Keeping Secrets

By Stephen Kinzer / January/February 2015
December 22nd, 2014

Over the last few years, Americans have learned more than we can possibly understand about the complex of security and surveillance programs that now shape our national life. Yet we have little idea how much money is being poured into these projects, what they entail, who runs them, what their purposes are, or how effective they have been. All we know is that they have changed, probably forever, what it means to be American.

Brendan Smialowski/AFP/Getty Images
Pulitzer Prize-winnning reporter James Risen. 
New York Times reporter James Risen ’77 is one of a handful of journalists who have managed to uncover small pieces of this vast and opaque puzzle. For his efforts he has won a Pulitzer Prize and faces a prison term. His supposed crime, while revealing that the CIA was involved in a computer attack against Iran’s nuclear program, has been refusing to identify his sources. In fact, his offense is more profound. Risen insists that the public has a right to information that government wants to keep secret. Such defiance is dangerous in any country, and the Obama administration is the latest to relentlessly pursue Risen. He has explained his dilemma succinctly: “Give up everything I believe in or go to jail.”

Risen calls his new book, Pay Any Price: Greed, Power, and Endless War, “my answer to how best to challenge the government’s draconian efforts to crack down on aggressive investigative reporting and suppress truth in the name of endless war.” It is a passionate, well-documented rant against the national security state that our beloved Republic has become, laced with a dizzying array of stories. There are tales of shrink-wrapped pallets of hundred-dollar-bills totaling billions that disappeared in Iraq; American campaigns to protect Saudis and Pakistanis deeply involved in anti-American terror; “surreal” collaboration between the CIA and Afghan drug lords; “the nightmare world that now consumes those ordered to take America to the dark side”; the role of KBR, a subsidiary of Halliburton, formerly run by Dick Cheney, which Risen calls “the company that allowed the Americans to go to war without a draft”; and President Obama’s “love affair with drones.”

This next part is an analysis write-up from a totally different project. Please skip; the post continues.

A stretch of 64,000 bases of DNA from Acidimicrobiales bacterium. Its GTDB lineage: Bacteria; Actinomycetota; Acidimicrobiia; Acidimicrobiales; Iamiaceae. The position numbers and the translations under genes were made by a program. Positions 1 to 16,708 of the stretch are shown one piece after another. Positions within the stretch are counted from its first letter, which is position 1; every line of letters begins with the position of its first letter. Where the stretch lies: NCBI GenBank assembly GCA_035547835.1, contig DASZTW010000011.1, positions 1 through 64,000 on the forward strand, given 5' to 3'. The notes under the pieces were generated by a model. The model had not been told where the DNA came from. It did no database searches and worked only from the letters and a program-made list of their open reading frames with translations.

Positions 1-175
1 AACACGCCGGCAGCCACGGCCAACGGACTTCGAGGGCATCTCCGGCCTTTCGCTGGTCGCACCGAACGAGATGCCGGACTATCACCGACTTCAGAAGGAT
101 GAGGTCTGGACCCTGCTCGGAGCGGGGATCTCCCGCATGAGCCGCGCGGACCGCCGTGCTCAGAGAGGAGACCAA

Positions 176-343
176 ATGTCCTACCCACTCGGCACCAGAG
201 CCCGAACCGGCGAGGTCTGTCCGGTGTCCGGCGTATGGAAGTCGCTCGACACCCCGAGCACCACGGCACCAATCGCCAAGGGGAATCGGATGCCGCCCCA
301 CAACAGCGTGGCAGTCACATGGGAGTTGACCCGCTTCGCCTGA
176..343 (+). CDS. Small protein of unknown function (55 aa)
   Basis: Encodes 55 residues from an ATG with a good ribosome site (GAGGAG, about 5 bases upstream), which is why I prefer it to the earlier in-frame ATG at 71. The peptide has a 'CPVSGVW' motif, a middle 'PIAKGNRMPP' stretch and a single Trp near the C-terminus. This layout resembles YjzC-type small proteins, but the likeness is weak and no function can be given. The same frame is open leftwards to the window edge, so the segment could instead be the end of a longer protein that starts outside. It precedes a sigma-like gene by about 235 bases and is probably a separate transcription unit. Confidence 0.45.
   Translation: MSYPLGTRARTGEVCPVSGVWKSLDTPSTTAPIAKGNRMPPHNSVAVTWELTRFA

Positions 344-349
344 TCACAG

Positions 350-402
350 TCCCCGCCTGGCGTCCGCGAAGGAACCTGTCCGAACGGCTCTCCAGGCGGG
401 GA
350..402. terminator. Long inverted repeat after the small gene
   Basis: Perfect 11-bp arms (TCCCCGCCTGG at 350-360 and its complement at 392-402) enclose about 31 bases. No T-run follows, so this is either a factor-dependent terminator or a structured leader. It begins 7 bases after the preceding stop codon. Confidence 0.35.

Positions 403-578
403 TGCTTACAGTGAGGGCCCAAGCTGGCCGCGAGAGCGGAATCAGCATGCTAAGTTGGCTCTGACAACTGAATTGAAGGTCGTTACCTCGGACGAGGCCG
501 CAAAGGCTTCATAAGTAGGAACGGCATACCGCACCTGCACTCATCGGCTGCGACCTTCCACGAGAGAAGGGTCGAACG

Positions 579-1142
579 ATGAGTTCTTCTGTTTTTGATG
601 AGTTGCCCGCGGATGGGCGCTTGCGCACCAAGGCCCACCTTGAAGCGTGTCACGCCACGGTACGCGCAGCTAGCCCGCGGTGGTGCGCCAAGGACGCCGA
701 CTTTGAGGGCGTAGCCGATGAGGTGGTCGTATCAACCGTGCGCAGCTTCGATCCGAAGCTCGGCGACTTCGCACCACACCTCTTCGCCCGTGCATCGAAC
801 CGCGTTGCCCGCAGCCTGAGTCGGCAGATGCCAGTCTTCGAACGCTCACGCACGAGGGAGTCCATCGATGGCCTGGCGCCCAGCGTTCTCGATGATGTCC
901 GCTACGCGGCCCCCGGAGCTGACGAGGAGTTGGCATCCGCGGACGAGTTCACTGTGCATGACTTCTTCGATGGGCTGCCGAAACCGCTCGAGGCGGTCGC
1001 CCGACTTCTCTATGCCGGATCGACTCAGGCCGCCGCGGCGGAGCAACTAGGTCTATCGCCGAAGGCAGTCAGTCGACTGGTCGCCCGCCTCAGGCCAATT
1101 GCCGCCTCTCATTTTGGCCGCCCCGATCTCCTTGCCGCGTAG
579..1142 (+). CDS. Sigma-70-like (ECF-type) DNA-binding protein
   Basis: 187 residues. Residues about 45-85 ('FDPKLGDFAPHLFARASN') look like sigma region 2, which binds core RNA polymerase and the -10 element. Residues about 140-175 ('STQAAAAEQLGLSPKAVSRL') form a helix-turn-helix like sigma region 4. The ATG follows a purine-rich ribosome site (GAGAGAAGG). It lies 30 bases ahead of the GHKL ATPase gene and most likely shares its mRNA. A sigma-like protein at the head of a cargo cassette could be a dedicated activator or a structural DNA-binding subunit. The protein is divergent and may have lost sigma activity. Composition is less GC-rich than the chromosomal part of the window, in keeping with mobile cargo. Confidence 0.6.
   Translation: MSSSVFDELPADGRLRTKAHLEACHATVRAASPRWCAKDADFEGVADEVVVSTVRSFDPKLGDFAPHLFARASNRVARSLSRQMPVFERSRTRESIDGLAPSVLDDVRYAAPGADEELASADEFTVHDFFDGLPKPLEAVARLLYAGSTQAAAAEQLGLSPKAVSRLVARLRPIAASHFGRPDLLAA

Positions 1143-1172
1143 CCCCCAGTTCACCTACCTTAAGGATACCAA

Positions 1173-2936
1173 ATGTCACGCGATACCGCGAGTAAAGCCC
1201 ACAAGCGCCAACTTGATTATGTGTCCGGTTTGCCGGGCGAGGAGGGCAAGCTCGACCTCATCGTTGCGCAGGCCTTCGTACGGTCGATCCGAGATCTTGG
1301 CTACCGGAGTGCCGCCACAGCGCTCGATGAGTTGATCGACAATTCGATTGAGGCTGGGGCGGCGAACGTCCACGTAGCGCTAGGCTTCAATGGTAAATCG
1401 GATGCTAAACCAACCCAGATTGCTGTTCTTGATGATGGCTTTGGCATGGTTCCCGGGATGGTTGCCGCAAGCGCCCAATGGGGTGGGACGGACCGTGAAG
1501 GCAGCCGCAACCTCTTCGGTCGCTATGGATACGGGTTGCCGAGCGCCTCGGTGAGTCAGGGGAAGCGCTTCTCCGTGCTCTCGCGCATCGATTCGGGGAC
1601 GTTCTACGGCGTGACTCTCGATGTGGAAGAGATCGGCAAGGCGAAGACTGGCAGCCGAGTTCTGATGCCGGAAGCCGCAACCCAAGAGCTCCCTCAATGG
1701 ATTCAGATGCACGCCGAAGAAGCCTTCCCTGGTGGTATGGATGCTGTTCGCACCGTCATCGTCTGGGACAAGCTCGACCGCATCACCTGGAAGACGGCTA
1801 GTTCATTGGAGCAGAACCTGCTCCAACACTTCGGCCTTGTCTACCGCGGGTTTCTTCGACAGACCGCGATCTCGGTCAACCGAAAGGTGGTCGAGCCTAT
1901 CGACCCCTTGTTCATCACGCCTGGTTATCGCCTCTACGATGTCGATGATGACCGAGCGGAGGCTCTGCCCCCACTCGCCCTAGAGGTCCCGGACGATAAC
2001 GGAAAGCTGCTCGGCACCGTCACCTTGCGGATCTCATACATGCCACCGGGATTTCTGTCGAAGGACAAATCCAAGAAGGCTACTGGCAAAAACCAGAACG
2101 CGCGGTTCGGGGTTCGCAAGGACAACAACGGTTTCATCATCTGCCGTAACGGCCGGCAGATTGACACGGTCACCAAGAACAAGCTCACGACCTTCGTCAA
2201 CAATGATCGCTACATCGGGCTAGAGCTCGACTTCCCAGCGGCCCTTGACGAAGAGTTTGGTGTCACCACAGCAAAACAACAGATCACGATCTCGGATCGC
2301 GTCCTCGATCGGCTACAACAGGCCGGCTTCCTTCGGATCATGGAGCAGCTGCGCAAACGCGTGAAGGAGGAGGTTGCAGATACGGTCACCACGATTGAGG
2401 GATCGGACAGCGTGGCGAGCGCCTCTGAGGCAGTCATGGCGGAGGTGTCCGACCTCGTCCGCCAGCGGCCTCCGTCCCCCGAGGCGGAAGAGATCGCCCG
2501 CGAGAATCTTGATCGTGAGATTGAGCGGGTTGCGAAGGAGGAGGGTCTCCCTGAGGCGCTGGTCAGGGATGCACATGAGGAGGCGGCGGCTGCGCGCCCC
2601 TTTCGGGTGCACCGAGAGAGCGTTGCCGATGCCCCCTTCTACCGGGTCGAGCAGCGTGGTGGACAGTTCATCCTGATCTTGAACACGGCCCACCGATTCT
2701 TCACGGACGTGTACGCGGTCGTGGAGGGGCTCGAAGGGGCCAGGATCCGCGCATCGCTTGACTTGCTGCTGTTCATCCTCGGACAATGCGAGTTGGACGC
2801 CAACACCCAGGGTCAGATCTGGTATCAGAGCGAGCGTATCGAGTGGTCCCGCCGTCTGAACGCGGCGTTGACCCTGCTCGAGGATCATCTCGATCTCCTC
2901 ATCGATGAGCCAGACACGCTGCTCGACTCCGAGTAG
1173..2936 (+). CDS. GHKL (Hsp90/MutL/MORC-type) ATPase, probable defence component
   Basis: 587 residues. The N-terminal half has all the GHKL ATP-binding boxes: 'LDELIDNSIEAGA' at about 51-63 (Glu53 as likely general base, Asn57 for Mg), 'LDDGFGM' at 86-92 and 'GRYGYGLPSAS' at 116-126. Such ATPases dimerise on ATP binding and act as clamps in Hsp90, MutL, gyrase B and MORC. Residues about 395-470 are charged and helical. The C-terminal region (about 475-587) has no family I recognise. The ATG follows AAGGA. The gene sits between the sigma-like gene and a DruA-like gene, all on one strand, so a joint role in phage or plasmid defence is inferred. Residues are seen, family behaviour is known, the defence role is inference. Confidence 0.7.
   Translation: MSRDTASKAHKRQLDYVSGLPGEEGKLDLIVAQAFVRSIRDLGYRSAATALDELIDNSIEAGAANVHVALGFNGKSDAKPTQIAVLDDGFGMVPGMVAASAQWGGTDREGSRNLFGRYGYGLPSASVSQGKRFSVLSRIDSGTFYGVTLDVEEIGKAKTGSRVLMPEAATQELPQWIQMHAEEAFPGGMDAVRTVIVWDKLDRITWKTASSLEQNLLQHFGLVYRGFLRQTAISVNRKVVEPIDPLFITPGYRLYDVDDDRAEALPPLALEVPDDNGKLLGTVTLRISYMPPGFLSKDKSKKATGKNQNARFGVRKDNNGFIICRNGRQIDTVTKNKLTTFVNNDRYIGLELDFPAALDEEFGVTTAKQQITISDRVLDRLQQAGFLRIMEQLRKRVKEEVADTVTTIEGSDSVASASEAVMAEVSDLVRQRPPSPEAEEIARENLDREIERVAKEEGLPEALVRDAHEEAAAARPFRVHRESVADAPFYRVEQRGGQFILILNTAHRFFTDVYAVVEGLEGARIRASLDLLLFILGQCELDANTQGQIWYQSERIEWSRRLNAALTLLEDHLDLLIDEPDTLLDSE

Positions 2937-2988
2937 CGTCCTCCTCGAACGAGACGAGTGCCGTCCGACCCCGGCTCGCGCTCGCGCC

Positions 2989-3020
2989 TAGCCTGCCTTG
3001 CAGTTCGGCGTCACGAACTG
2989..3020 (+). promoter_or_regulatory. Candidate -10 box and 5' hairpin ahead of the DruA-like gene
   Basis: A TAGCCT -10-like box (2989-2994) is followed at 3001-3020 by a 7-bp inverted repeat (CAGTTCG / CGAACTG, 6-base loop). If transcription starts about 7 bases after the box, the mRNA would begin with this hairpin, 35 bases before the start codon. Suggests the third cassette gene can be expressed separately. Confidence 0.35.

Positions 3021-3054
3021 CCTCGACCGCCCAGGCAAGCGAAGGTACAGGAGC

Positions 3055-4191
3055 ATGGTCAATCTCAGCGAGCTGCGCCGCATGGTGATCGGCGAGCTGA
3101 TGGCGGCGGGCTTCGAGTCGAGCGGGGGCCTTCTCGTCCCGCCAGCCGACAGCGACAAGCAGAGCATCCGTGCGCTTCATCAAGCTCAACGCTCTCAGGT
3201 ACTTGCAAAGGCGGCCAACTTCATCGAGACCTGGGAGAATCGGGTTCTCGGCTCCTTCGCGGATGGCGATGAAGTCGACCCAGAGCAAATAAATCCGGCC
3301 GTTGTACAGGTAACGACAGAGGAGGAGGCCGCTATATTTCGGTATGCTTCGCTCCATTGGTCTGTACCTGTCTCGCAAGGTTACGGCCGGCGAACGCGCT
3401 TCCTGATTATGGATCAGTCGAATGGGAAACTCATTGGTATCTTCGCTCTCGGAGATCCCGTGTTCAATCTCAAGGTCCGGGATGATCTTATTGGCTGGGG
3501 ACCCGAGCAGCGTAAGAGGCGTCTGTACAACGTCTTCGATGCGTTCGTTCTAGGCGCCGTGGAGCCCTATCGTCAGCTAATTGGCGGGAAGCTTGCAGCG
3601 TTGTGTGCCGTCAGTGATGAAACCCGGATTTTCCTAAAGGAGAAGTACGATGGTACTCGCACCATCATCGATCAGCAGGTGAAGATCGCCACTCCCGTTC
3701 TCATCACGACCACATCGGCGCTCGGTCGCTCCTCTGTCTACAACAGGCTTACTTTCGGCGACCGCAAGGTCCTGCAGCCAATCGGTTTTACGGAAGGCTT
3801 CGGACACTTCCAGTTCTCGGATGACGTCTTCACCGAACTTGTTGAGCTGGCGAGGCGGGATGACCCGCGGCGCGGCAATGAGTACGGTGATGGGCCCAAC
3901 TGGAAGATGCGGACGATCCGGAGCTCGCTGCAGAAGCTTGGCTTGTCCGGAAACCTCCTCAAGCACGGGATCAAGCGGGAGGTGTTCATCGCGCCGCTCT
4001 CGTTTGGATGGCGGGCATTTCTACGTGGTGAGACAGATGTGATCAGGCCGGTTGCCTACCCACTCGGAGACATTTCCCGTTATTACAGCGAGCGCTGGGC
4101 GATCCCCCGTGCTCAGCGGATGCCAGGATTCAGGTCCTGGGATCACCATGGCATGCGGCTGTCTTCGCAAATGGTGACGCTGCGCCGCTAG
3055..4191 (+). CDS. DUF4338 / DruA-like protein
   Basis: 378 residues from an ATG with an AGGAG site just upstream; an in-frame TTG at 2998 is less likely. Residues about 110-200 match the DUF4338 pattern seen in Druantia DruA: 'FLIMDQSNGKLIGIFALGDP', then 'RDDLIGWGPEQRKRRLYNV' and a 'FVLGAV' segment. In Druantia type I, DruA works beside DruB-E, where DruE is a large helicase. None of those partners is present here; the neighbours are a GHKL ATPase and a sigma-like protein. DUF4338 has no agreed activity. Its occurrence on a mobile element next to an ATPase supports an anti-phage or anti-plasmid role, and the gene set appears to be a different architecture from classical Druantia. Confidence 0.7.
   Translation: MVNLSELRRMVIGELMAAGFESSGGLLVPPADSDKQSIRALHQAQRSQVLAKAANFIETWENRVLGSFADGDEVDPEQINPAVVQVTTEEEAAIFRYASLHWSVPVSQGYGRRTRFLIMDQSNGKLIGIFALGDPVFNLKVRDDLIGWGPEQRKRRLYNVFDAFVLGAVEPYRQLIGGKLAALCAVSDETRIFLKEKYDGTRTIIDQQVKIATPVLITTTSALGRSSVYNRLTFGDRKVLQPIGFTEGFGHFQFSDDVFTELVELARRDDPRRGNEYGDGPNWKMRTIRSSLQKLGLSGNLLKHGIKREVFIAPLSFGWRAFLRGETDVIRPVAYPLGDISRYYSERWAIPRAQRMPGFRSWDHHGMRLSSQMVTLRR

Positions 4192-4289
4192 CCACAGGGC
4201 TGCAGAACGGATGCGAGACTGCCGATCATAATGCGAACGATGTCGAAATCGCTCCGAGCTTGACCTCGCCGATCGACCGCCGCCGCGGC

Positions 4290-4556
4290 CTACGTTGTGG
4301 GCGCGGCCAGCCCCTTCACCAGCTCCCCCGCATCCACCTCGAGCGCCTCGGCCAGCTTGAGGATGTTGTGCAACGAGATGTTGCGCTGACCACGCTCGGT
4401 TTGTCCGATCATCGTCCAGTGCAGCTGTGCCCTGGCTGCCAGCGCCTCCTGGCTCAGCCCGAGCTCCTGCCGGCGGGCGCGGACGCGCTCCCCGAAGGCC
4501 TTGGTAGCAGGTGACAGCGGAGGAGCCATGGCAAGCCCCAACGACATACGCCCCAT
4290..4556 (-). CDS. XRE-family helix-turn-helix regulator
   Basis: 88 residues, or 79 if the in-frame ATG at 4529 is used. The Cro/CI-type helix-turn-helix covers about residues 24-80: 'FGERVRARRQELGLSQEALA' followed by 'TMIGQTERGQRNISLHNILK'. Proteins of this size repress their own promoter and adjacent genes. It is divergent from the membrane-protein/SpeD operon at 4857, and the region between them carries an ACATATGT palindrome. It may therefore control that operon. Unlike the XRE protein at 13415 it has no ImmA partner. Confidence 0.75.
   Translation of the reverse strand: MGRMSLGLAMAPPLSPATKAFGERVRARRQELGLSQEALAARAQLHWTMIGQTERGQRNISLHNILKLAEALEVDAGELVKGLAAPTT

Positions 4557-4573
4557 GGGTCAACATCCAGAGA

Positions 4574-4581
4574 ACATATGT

When Risen calls the war on terror “a giant fraud,” he is saying something many Americans already suspect. His book, however, offers evidence most of us have never seen before. The reader does not know whether to laugh or cry.

“A decade of fear-mongering has brought wealth and power to those who have been the most skillful at hyping the terrorist threat,” Risen writes. “They make no money if they determine that the threat is overblown or, God forbid, if the war on terror ever comes to an end.”

In almost any country, a truth-teller like Risen would be in trouble. He is in trouble here and now. That makes him a hero of American journalism.

Former New York Times foreign correspondent Stephen Kinzer is Journalist in Residence at the Watson Institute.

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